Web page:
*90*

In statistics, **pooled variance** simply refers to the average of two or more group variances.

We use the word “pooled” to indicate that we’re “pooling” two or more group variances to come up with a single number for the common variance between the groups.

In practice, pooled variance is used most often in a two sample t-test, which is used to determine whether or not two population means are equal.

The pooled variance between two samples is typically denoted as s_{p}^{2} and is calculated as:

s_{p}^{2} = ( (n_{1}-1)s_{1}^{2} + (n_{2}-1)s_{2}^{2} ) / (n_{1}+n_{2}-2)

When the two sample sizes (n_{1} and n_{2}) are equal, the formula simplifies to:

s_{p}^{2} = (s_{1}^{2} + s_{2}^{2} ) / 2

**When to Calculate the Pooled Variance**

When we want to compare two population means, there are two statistical tests we could potentially use:

**1.** Two sample t-test: This test assumes the variances between the two samples are approximately equal. If we use this test, then we calculate the pooled variance.

**2.** Welch’s t-test: This test *does not* assume the variances between the two samples are approximately equal. If we use this test, we *do not* calculate the pooled variance. Instead, we use a different formula.

To determine which test to use, we use the following rule of thumb:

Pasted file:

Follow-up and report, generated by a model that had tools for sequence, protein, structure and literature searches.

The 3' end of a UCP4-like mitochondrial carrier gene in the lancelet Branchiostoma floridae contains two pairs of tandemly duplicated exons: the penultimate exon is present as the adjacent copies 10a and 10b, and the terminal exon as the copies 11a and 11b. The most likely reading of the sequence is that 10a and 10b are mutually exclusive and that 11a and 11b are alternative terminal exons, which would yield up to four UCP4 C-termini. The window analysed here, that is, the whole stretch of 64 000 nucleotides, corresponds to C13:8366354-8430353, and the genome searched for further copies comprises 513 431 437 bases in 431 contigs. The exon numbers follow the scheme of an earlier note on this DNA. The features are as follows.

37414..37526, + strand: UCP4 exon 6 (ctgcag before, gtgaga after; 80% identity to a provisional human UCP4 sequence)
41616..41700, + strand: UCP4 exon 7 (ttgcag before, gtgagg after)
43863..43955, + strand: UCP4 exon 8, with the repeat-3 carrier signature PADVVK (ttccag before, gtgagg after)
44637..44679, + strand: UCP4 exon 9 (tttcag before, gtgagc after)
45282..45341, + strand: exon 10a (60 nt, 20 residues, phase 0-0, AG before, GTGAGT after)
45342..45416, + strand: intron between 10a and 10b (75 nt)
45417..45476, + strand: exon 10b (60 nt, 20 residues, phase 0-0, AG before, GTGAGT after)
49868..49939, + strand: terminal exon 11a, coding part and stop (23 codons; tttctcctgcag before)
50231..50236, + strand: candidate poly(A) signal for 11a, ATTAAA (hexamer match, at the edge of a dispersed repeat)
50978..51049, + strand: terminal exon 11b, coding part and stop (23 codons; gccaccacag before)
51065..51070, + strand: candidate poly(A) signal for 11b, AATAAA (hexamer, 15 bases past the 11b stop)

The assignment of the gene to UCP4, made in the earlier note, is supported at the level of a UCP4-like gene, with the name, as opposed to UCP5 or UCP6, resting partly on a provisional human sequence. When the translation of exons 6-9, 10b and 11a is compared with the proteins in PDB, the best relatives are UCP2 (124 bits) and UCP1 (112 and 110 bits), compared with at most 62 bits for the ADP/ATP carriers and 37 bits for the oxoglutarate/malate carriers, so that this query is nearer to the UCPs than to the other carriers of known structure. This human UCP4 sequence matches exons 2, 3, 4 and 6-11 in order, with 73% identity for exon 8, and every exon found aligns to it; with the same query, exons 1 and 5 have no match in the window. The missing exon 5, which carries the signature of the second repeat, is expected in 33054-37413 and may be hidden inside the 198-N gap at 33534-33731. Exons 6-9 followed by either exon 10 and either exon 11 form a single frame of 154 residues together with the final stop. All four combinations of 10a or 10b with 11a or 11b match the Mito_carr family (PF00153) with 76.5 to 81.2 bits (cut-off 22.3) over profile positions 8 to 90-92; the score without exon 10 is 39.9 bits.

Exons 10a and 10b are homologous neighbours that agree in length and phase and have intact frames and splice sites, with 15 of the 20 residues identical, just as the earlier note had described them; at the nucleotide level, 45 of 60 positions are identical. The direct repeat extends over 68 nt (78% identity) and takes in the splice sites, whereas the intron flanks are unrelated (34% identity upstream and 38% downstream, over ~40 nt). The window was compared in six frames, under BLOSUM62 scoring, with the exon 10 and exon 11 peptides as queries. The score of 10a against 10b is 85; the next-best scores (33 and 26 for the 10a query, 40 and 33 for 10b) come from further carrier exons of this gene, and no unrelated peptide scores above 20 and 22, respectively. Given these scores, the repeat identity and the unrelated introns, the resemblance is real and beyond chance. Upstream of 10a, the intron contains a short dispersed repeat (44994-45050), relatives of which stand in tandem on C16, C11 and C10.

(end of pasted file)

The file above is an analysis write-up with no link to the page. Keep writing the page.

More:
**Rule of Thumb:** If the ratio of the larger variance to the smaller variance is less than 4, then we can assume the variances are approximately equal and use the two sample t-test.

For example, suppose sample 1 has a variance of 24.5 and sample 2 has a variance of 15.2. The ratio of the larger sample variance to the smaller sample variance would be calculated as:

**Ratio:** 24.5 / 15.2 = 1.61

Since this ratio is less than 4, we could assume that the variances between the two groups are approximately equal. Thus, we would use the two sample t-test which means we would calculate the pooled variance.

**Example of Calculating the Pooled Variance**

Suppose we want to know whether or not the mean weight between two different species of turtles is equal. To test this, we collect a random sample of turtles from each population with the following information:

**Sample 1:**

- Sample size n
_{1}= 40 - Sample variance s
_{1}^{2}= 18.5

**Sample 2:**

- Sample size n
_{2}= 38 - Sample variance s
_{2}^{2}= 6.7

Here is how to calculate the pooled variance between the two samples:

- s
_{p}^{2}= ( (n_{1}-1)s_{1}^{2}+ (n_{2}-1)s_{2}^{2}) / (n_{1}+n_{2}-2) - s
_{p}^{2}= ( (40-1)*18.5 + (38-1)*6.7 ) / (40+38-2) - s
_{p}^{2}= (39*18.5 + 37*6.7 ) / (76) = 12.755

The pooled variance is **12.755**.

Notice that the value for the pooled variance is located between the two original variances of 18.5 and 6.7. This makes sense considering the pooled variance is just a weighted average of the two sample variances.

**Bonus Resource:** Use this Pooled Variance Calculator to automatically calculate the pooled variance between two samples.